In 2006, he got a call from Martin Marietta, which was looking for Zelnak’s successor. He jumped at the chance, serving as president from 2006-09, then became CEO a year later when revenue was $1.8 billion and the market cap was $4.2 billion.

It was during his initial years at Martin Marietta when it developed the SOAR process. Nye says the company spent 30,000 internal man-hours examining each of its markets, including 11 mega-regions that make up 70% of U.S. population growth. Those included markets, such as the Piedmont and the Gulf Coast, where Martin Marietta had a strong presence and others, such as Florida, where it had no operations.

Armed with the SOAR strategy, Nye started making deals. “We’ve been very dedicated to this process,” he says. “It was never something that was a lovely PowerPoint presentation that you then stuck on a shelf and didn’t live by.”

One of his first moves as CEO was to hold merger talks with his biggest rival, Vulcan. When those discussions broke down, Nye launched a $5 billion hostile takeover in 2012 that was blocked by a Delaware judge, who argued that Martin Marietta had violated confidentiality agreements. Martin Marietta said that the combined companies would be better equipped to withstand an economic downturn and could save as much as $250 million in costs, while the two had few competing operations.

“I think Vulcan has made us better,” says Nye. “I think we’ve made them better. And I think when people are deciding where they want to invest, oftentimes it’s coming down to one or the other, and sometimes both, and that’s the highest compliment.”


Aerial view of Martin Marietta Hickory quarry.

In late 2011, the company exchanged its quarries and distribution yards along the Mississippi River in exchange for French company Lafarge’s quarry sites, ready-mix concrete and asphalt plants, and a road-paving business in Colorado.

In 2014, Martin Marietta spent $2.7 billion to acquire Texas Industries, increasing its cement presence in Texas and California. When the deal closed, Martin Marietta’s market capitalization was $8.8 billion, or less than a quarter of its current value. Nye says that deal gave the company a bigger presence in fast-growth markets such as Dallas-Fort Worth and San Antonio. “We’re not a nationwide cement company and don’t intend to be,” says Nye. “But we’re a strategic cement company.”

Four years later, it bought Bluegrass Materials, the largest privately-held, pure-play aggregates company in the United States, for $1.625 billion in cash. The transaction included quarries across Georgia, South Carolina, Maryland, Kentucky and Tennessee.

The next big deal occurred in 2021. Martin Marietta had ended 2020 with a market capitalization of $17.7 billion and revenue of $4.7 billion. The company bought Lehigh Hanson’s U.S. West region for $2.3 billion, giving it 17 new sites in California and Arizona, and a deep-water import terminal in San Francisco. The deal added 13 million tons of annual aggregate production, 1.5 million tons of cement from two plants and 2.8 million tons of asphalt production from two plants.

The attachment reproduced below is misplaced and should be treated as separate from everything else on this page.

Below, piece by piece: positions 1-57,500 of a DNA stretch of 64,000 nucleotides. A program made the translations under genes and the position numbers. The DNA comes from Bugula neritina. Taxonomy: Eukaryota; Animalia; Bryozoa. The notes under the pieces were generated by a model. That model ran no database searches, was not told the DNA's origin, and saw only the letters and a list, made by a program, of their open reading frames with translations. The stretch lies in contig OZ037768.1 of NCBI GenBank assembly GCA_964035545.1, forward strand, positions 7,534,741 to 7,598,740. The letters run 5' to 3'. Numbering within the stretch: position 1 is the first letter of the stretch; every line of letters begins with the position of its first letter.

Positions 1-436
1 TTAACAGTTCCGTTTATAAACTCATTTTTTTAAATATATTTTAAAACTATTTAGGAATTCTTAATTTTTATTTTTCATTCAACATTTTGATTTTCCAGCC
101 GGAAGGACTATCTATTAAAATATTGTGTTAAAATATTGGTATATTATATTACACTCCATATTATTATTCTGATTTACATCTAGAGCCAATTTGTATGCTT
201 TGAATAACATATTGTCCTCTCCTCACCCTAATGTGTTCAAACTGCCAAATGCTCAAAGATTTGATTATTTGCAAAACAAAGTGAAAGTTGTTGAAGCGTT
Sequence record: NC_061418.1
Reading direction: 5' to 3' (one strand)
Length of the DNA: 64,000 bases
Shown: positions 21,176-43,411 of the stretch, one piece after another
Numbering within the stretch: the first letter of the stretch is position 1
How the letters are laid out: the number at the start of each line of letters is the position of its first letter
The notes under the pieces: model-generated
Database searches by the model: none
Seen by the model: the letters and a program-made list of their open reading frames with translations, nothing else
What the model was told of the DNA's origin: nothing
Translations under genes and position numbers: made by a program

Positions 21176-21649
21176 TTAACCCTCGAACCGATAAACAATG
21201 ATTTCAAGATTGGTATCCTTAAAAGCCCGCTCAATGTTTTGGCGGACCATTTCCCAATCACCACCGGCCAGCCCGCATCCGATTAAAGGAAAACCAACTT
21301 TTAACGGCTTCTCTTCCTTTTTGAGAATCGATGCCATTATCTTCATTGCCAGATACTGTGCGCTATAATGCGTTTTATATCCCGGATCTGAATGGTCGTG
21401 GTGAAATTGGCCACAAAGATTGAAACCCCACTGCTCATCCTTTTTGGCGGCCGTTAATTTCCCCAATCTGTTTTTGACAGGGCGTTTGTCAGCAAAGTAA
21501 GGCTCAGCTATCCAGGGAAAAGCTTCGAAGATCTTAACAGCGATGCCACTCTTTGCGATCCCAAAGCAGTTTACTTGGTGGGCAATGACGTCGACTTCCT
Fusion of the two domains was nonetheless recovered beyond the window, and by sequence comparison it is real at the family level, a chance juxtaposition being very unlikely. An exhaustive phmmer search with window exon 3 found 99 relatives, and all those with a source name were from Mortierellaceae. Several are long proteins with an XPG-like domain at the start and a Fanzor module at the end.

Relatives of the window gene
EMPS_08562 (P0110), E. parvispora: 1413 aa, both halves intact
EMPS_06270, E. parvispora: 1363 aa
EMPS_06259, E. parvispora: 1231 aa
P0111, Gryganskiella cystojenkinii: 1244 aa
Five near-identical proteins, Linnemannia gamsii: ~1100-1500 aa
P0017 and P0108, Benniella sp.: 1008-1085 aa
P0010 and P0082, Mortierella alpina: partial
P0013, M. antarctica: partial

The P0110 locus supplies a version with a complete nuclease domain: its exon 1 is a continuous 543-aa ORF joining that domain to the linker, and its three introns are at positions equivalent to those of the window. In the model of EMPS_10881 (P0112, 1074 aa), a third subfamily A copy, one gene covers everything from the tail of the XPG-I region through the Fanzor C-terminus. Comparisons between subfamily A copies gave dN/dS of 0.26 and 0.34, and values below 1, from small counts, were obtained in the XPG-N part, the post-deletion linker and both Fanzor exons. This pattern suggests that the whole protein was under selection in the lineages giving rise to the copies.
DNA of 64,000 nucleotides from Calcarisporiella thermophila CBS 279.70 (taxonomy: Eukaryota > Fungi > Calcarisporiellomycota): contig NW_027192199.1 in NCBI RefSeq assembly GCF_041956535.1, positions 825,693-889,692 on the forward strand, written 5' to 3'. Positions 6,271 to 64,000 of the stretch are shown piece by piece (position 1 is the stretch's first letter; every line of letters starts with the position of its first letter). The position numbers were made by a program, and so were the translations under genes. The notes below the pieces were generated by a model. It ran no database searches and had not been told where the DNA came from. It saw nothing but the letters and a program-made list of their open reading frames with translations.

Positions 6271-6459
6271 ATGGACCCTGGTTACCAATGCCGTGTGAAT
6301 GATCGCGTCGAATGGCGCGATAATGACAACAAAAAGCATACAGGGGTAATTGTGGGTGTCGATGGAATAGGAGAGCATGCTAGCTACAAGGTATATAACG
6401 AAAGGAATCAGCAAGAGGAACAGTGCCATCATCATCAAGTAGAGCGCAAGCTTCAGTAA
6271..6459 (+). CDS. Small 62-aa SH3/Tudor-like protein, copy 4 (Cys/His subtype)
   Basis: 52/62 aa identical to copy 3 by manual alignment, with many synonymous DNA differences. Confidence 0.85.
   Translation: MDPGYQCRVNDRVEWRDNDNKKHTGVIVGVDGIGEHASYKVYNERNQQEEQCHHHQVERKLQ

With that deal, Martin Marietta now has a large presence in 10 of the 11 mega regions cited in its SOAR strategy, with only the Pacific Northwest lacking a strong company operation. (It has one location in Seattle.)

Selling the Texas cement business earlier this year, says Nye, was due to imports becoming more a part of the Texas market. The United States imported $2.2 billion worth of cement in 2022, and Cement Distribution Consultants in Amsterdam reports that about 80% of the cement imported into Houston and Corpus Christi comes from Turkey. “It was no longer really meeting our defined role of strategic cement,” says Nye. “And it allowed us to somewhat serendipitously take those funds and redeploy them into a pure aggregates business.” Its remaining cement plant, in the Dallas-Fort Worth market, is far enough away from Houston that it won’t be affected by imports, the company believes. (The company sold a California cement plant in 2023 for $317 million in cash, and it sold its Colorado and Central Texas ready-mixed concrete operations to Smyrna Ready Mix Concrete in 2022.)

Two particularly attractive markets studied by the company are Austin, Texas, and in northern Virginia near Washington, Petro says.

As for future deals, Petro says the company often holds conversations with potential sellers for years. “It’s usually a succession issue or family issue,” he says. “We like to stay in front of them and talk to them regularly about how we would handle a transaction if they were willing to sell. What they typically want, especially with a family business, is that their people are taken care of. And we like to think we’re a pretty good place for people to come to work.”

Duke University professor Graham calls that a smart strategy. “You can’t walk in there and be a city slicker and be full of yourself and talk to these owners,” he says. “They will shut the door on you and not open up.”

Deal making is preferable to starting new quarries, a tough process entailing finding 500 acres near a metropolitan market where there’s quality stone near the surface. Then the aggregates enterprise has to go through a lengthy rezoning and permitting process, along with gaining environment and water permits. Not many people want to live near a quarry, either.

“That’s not a matter of months, but a matter of years,” says Nye.

The alternative, which Martin Marietta is mastering, is making deals for existing sites. “One of the things that we do extraordinarily well is plan and execute, particularly around mergers and acquisitions,” says Nye. “If you go back over the 30 years we’ve been a public company, literally well over 100 transactions, it would be hard to find some that didn’t go as we hoped.”

Chris Roush
Chris Roush
Chris Roush is executive editor of Business North Carolina. He can be reached at